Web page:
Amphibians | TWRA
These amphibious critters are known for a variety of magical properties, from their ability to help predict the weather, to curing warts to bringing good luck. In parts of Appalachia, it is believed that if you hear a frog croaking exactly at midnight, it means rain is on the way. Live frogs appear in a number of folk cures.
It is believed that putting a live frog in your mouth will cure thrush, and that swallowing live frogs — presumably small ones — can cure whooping cough and tuberculosis. Rubbing a live frog or toad on a wart will cure the wart, but only if you impale the frog on a tree and let him die. The Maori people believe that killing a frog can bring floods and heavy rains, but some African tribes say that the death of a frog will bring drought.
For the ancient Egyptians , the frog-headed goddess Hekt was a symbol of fertility and birth.
- Haunted America: The Haunted Bed and Breakfasts;
- An Impromptu Encounter?
- Moving House and Other Poems from Hong Kong.
- Amphibians in U.S. Declining at "Alarming and Rapid Rate".
- Black Book Volume 3, Part II: The Black Symphony, Second Movement (The Black Books).
If you wish to conceive, touch a frog. The association of the frog with fertility has its root in science — each year, when the Nile river flooded its banks, frogs were everywhere. The annual flooding of the delta meant rich soil and strong crops — so the croaking of millions of frogs may well have been an indicator that farmers would have an abundant season. Frogs have only been in Ireland for a few hundred years, since students from Trinity College released them into the wild. However, there are still some frog folktales in Ireland, including that you can tell the weather by the color of a frog.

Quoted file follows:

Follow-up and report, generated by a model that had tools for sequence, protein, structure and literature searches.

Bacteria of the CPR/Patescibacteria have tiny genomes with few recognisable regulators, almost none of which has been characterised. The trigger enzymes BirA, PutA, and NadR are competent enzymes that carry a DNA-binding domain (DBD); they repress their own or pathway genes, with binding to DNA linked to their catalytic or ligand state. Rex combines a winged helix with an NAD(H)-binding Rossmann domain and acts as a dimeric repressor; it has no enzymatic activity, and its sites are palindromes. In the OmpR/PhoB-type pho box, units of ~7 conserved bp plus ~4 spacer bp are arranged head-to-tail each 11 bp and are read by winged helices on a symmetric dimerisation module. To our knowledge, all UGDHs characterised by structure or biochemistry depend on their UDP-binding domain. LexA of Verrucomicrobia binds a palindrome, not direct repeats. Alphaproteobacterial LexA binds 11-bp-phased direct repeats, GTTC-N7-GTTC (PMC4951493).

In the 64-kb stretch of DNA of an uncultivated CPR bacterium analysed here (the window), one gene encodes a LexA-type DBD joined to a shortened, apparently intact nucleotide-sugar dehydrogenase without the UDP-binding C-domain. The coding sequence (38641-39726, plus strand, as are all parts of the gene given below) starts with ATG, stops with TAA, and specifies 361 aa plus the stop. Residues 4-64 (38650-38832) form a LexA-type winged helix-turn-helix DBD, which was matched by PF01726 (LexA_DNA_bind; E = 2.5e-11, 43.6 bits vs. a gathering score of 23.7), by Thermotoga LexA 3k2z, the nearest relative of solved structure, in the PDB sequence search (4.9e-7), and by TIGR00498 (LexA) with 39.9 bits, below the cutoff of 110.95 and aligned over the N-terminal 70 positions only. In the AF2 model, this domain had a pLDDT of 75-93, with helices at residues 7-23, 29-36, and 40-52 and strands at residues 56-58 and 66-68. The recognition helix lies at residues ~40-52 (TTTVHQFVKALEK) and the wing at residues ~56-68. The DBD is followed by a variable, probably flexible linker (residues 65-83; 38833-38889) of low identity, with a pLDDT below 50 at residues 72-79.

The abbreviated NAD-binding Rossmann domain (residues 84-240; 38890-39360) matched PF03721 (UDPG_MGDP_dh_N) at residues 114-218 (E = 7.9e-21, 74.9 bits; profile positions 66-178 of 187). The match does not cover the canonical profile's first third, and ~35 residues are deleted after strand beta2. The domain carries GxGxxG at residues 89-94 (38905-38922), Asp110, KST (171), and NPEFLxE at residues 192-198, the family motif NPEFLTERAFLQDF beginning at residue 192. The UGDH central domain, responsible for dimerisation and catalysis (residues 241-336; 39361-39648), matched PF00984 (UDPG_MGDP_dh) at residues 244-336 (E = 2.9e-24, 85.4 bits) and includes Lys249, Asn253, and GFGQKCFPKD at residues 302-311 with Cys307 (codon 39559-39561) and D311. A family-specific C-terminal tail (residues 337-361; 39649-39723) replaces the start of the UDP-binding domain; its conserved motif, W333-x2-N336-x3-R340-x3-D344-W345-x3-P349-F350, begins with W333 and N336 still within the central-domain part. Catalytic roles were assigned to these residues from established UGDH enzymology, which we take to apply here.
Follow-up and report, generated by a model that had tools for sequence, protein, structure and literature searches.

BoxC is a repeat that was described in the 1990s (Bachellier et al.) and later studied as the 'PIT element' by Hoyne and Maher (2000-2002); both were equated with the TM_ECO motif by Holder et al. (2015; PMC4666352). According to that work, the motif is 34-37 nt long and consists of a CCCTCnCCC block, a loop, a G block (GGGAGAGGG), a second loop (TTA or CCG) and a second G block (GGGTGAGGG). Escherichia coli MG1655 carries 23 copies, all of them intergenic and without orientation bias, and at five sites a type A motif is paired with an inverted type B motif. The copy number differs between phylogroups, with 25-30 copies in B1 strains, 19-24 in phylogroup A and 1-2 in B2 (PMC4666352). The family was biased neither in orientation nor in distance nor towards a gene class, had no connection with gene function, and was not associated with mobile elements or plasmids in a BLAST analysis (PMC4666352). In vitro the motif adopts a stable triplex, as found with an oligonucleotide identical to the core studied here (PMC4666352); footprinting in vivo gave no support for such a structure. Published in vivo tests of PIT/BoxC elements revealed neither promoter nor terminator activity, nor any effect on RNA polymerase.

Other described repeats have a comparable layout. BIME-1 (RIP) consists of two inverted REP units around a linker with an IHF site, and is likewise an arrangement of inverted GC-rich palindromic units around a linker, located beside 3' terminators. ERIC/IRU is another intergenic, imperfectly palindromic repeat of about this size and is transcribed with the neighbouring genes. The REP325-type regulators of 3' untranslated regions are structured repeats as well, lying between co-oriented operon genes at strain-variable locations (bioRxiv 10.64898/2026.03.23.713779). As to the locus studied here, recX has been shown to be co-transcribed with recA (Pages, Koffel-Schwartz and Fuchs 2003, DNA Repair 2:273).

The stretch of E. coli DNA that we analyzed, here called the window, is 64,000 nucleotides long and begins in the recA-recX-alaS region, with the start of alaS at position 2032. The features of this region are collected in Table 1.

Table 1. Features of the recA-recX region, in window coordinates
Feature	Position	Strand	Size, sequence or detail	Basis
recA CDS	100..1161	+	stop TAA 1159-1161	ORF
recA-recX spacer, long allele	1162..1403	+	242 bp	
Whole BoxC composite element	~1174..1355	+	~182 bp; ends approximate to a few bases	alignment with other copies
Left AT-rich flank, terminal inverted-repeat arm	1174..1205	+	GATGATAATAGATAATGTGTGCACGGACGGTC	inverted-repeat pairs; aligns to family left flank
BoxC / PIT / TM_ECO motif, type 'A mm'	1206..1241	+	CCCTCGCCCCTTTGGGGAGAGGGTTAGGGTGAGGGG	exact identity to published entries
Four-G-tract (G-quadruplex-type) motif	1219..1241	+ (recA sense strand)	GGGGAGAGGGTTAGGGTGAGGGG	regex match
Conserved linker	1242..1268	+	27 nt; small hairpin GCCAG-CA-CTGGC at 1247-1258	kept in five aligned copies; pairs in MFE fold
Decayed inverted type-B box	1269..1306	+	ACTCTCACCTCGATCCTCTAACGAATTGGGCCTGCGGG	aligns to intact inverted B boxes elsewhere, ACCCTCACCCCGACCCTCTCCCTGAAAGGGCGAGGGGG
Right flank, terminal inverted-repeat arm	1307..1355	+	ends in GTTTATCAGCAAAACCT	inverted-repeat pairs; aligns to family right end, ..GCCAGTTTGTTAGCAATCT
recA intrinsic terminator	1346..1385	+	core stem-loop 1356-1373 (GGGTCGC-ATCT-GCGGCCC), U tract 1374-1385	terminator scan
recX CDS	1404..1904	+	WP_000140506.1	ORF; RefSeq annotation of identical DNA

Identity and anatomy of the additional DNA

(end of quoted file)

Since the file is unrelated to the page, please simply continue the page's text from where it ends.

The Frog That Got Caught in the Crossfire of a Rocket Launch
In the Book of Exodus , the following verse details how frogs were sent to frighten the people of Egypt into rejecting their old gods:. Oh, and when Shakespeare's witches call for a bit of toe of frog?
Not related to frogs at all! Like many members of the buttercup family, this particular species is considered toxic, and can cause skin inflammations.
The Victorians associated it with selfishness and ingratitude. In some traditions, frogs are associated with cleansing and rebirth - think, for a moment, about how a tadpole transforms into a frog. Worse yet, the scientists found that species currently classified as "endangered," "vulnerable" or "near threatened" on the IUCN Red List of Threatened Species were declining much faster, at an average of Species listed as "least concern" on the Red List were declining at a slightly slower-than-average rate of just 2. The researchers did not look at specific causes of death—although past experience tells us amphibians suffer from habitat loss, climate change, pollution, invasive species and the deadly chytrid fungus.
- List of PDF Full Texts available from EurekaMag Chapter .
- All Things Made New:: The Mysteries of the World in Christ.
- The Fat Cure;
- E.B. Wilkes (Author of Ants in the Plants at Gramps).
But they did discover that populations dwindled throughout the country, even in national parks and wildlife refuges that are supposedly protected for conservation purposes. A FAQ published in conjunction with the study explains why the drop in amphibian species matters: "[Amphibians] control pests, inspire new medicines, feed other animals and help make ecosystems work. They are inherently valued by people of all ages—watching tadpoles and listening to frog calls are some of the most accessible interactions we have with the natural world.
The study was conducted under the auspices of the USGS Amphibian Research and Monitoring Initiative , which was established by congressional mandate in to monitor, research and conserve the country's amphibian populations. The views expressed are those of the author s and are not necessarily those of Scientific American.
John R. Platt is the editor of The Revelator. An award-winning environmental journalist, his work has appeared in Scientific American, Audubon, Motherboard, and numerous other magazines and publications.
His "Extinction Countdown" column has run continuously since and has covered news and science related to more than 1, endangered species. John lives on the outskirts of Portland, Ore. You have free article s left.